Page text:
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Best data structure?

P: 93
I need to find out the best data structures for A* algorithm. Well, it is not exactly A*, but I've changed it a bit. What I need is as follows. I am using Visual C++.

1. I am keeping a Map(not the STL map, but my own Map.), It is a 200*200 array.
2. i need to find the shortest paths between two locations.
3. I am keeping an Open list and a closed list for the implementation.
4. The basic operations on the Open list are by order of priority, Insertion, membership test and remove best.
5. The basic operations for the closed list are insertion and membership test. It only occationally needs a removal.

The efficiency is definitely a concern. So, what are the best data structures to be used? It would be nice if I can use the STL.
Mar 9 '07 #1
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sicarie
Expert Mod 2.5K+
P: 4,677
I need to find out the best data structures for A* algorithm. Well, it is not exactly A*, but I've changed it a bit. What I need is as follows. I am using Visual C++.

1. I am keeping a Map(not the STL map, but my own Map.), It is a 200*200 array.
2. i need to find the shortest paths between two locations.
3. I am keeping an Open list and a closed list for the implementation.
4. The basic operations on the Open list are by order of priority, Insertion, membership test and remove best.
5. The basic operations for the closed list are insertion and membership test. It only occationally needs a removal.

The efficiency is definitely a concern. So, what are the best data structures to be used? It would be nice if I can use the STL.
So what do you want to store - those individual elements of the array, or arrays of 200x200 items? As you know the order of priority on your list, I would research the STL's options and decide from there...
Mar 9 '07 #2

P: 93
So what do you want to store - those individual elements of the array, or arrays of 200x200 items? As you know the order of priority on your list, I would research the STL's options and decide from there...
The individual elements of the array. An element of the array is an object of a class "MyNode", i can provide the overloaded operators <, > , == for this class. So, i want to store these nodes in the open list in descending order. the node with the lowest values is at the top. And I want good times for membership test on both the open list and the closed list. Thanx in advance.
Mar 9 '07 #3

Ganon11
Expert 2.5K+
P: 3,652
Well, if you want fast performance during sorting, I'd recommend using a linked list, as insertion is very easy with the pointers. However, finding the node you want will be tedious compared to, say, a vector.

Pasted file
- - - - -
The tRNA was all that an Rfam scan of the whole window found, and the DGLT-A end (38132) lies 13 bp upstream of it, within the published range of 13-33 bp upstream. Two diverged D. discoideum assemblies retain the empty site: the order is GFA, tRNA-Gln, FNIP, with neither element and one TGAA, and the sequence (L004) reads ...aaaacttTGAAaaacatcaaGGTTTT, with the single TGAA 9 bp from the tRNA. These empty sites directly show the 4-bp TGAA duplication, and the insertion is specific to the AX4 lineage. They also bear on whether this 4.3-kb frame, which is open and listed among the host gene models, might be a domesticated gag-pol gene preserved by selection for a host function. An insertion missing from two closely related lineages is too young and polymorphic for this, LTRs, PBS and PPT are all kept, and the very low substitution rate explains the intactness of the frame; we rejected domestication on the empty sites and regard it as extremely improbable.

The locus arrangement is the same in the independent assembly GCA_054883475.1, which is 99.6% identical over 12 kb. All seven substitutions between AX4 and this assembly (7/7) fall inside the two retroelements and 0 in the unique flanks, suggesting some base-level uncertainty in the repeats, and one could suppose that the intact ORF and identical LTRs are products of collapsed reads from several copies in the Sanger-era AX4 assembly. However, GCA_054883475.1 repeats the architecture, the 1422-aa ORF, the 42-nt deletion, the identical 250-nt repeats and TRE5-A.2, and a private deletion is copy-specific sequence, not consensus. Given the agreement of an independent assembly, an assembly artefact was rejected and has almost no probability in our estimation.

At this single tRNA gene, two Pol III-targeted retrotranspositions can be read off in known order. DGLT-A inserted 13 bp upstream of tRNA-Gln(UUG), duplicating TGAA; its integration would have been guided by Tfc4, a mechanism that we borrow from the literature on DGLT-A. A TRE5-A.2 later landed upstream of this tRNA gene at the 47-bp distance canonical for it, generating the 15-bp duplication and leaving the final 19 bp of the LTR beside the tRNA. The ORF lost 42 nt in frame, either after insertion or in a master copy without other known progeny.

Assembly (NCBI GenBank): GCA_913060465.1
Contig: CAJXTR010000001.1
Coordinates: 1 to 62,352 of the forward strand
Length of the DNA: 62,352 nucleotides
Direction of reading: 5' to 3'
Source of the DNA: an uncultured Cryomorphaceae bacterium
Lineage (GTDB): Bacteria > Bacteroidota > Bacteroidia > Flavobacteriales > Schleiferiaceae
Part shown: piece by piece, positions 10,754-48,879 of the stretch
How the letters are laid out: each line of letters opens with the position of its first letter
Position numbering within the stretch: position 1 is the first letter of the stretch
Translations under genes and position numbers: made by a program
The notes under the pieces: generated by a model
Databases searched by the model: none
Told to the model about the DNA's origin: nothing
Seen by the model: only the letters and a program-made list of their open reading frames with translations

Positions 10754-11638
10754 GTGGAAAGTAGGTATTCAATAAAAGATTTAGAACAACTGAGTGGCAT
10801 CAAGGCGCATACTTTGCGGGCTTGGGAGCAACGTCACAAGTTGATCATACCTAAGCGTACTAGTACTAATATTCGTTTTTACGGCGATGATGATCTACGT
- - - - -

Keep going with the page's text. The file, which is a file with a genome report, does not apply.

Mar 9 '07 #4

P: 93
Well, if you want fast performance during sorting, I'd recommend using a linked list, as insertion is very easy with the pointers. However, finding the node you want will be tedious compared to, say, a vector.

Yes, that is the problem. one of the main operations I need is to check for a node. So, isnt there anything better than those two data structures? The priority_queue class in the STL would have suited me fine if it offered any way of looking at it's members. But as far as i know, it only offers a peek at the top element which is most dissatisfyiing.
Mar 11 '07 #5

Ganon11
Expert 2.5K+
P: 3,652
As far as I can remember,

VECTOR:

Random insertion (what is needed for sorted vector) is O(n) time
Random Selection is O(1) time
Insertion to front or back is O(1) time

LINKED LIST:

Random insertion is O(n) time (to find the place where the node belongs)
Random Selection is O(n) time
Insertion to front is O(1) time
Insertion to back is O(n) time (to traverse the entire list)

Now, if you wanted to build the vector/list before sorting, big-O times may vary. But from here, it looks like vector is a winner in my book.
Mar 11 '07 #6

P: 63
iLL
If you need to find an element with minimum cost, use a binary tree. If you are going to be doing a lot of removing and adding, Id use a hash table. Its easier to maintain.
Mar 11 '07 #7

Ganon11
Expert 2.5K+
P: 3,652
If you need to find an element with minimum cost, use a binary tree. If you are going to be doing a lot of removing and adding, Id use a hash table. Its easier to maintain.
A hash table would be difficult to keep sorted, since each string, integer pair would produce a unique hash value that wouldn't necessarily lend itself to sorting. A binary tree is a good idea - I had completely forgotten about it! If I'm not mistaken,

Adding an element is O(log n)
Finding an element is O(log n)
It's already sorted by definition

Looks like binary trees are the best way to go!
Mar 11 '07 #8

P: 93
A hash table would be difficult to keep sorted, since each string, integer pair would produce a unique hash value that wouldn't necessarily lend itself to sorting. A binary tree is a good idea - I had completely forgotten about it! If I'm not mistaken,

Adding an element is O(log n)
Finding an element is O(log n)
It's already sorted by definition

Looks like binary trees are the best way to go!
Seems like I have no choice. I was planning to use the priority_queue present in the STL, but it does not seerve my purpose. i think i will use the binary tree after all. thanx everyone for the help.
Mar 11 '07 #9

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